Cycling in Hell
(Image from Wikimedia)
Those of you who read CycleDog regularly know that I'm not afraid to rub a cat's fur the wrong way. So it shouldn't be a surprise that I'm not a fan of the Copenhagen style bike lane plans, or their foaming-at-the-mouth, overly ardent admirers. If you want such facilities, move to Copenhagen, but don't make the mistake of believing that similar projects are possible here. There are simply too many differences between our cultures.
First, taxes in Europe are exorbitant by our standards. Sure, they get a lot of public services in return, but if Americans were taxed at similar levels we'd overthrow the government.
Second, fuel costs are staggering. A gallon of gasoline costs roughly the equivalent of eight dollars. Is it any wonder they drive tiny, fuel-efficient cars? Is it any wonder they use bicycles for short trips?
Third, the oldest parts of European cities are laid out on a pedestrian scale. Streets can be narrow, sidewalks almost non-existent, and parking is often some distance away. Some cities have had the dubious benefit of rebuilding their cores after seeing them flattened in two world wars. I don't know of any sane people who'd advocate total destruction as an urban redevelopment option.
Finally, they enjoy extremely high population density, getting to live cheek-by-jowl with the neighbors. "Hey honey! CycleDog is having sauerkraut tonight! Let's get out of here!"
Now, the admirers of the Copenhagen plan would have us believe it's a cycling utopia, and if only we'd build similar facilities here, we'd find our paths strewn with flowers by tall, tastefully dressed Nordic women in stylish footwear.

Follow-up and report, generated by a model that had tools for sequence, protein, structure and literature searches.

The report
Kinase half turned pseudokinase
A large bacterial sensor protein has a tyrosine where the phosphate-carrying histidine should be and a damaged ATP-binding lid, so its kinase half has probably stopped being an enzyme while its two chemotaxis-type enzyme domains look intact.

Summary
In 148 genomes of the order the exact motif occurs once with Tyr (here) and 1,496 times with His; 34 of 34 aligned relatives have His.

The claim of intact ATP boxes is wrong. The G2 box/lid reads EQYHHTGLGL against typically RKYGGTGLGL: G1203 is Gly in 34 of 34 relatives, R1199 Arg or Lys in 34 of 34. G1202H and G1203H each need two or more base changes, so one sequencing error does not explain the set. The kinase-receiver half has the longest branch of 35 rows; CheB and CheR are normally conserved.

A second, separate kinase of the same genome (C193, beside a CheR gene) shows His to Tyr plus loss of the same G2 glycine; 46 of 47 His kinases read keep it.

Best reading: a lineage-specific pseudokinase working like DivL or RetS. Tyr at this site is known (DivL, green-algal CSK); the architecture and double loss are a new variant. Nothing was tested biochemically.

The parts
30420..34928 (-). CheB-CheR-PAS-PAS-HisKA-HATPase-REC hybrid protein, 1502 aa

So imagine my dismay at seeing the following:
In a measure to protect their cyclists, the Danish city of Grenå is funding a large-scale project called “See Mi” that will make navigating the city’s busiest streets easier for both cyclists and drivers. The initiative will see the installation of battery-powered RFIDs in the steering columns of 300 bikes as well as receivers at seven of the city’s most dangerous intersections. The RFID from the resident’s bicycle will send a signal to the traffic light when approaching the intersection; in turn, the traffic signal will automatically flash a ‘cyclist’ sign to warn drivers that they should keep an eye out for cyclists before making a right turn.
RFIDs are usually passive and do not require battery power. But that's a minor point. A much bigger one it this - MOTORISTS DO NOT LOOK FOR CYCLISTS ON THEIR RIGHT, EVEN IN UTOPIA. And a bike lane system merely reinforces this behavior. Cyclists are 'safely' segregated, out of sight and out of mind.
So in order to make this supposedly Utopian system work as it should, another modification, another layer of bureaucracy, another layer of control, and another equally pointless layer of gold leaf has to be applied to Copenhagen's turd of a bike system.
Tell you what - put the cyclist and the driver in the same lane and treat both of them as responsible vehicle operators, and this problem will go away without resorting to another Band-Aid approach. No one questions the underlying assumptions of these segregated bikeways, that cyclists are incapable of learning to ride in traffic, or that it's even possible to ride safely on a city street, because there's too much money and prestige tied up in building more and more facilities. Thunderhead Alliance, Bikes Belong, and a host of advocacy organizations including my favorite, the League of American Bicyclists, turn away from any serious discussion of this.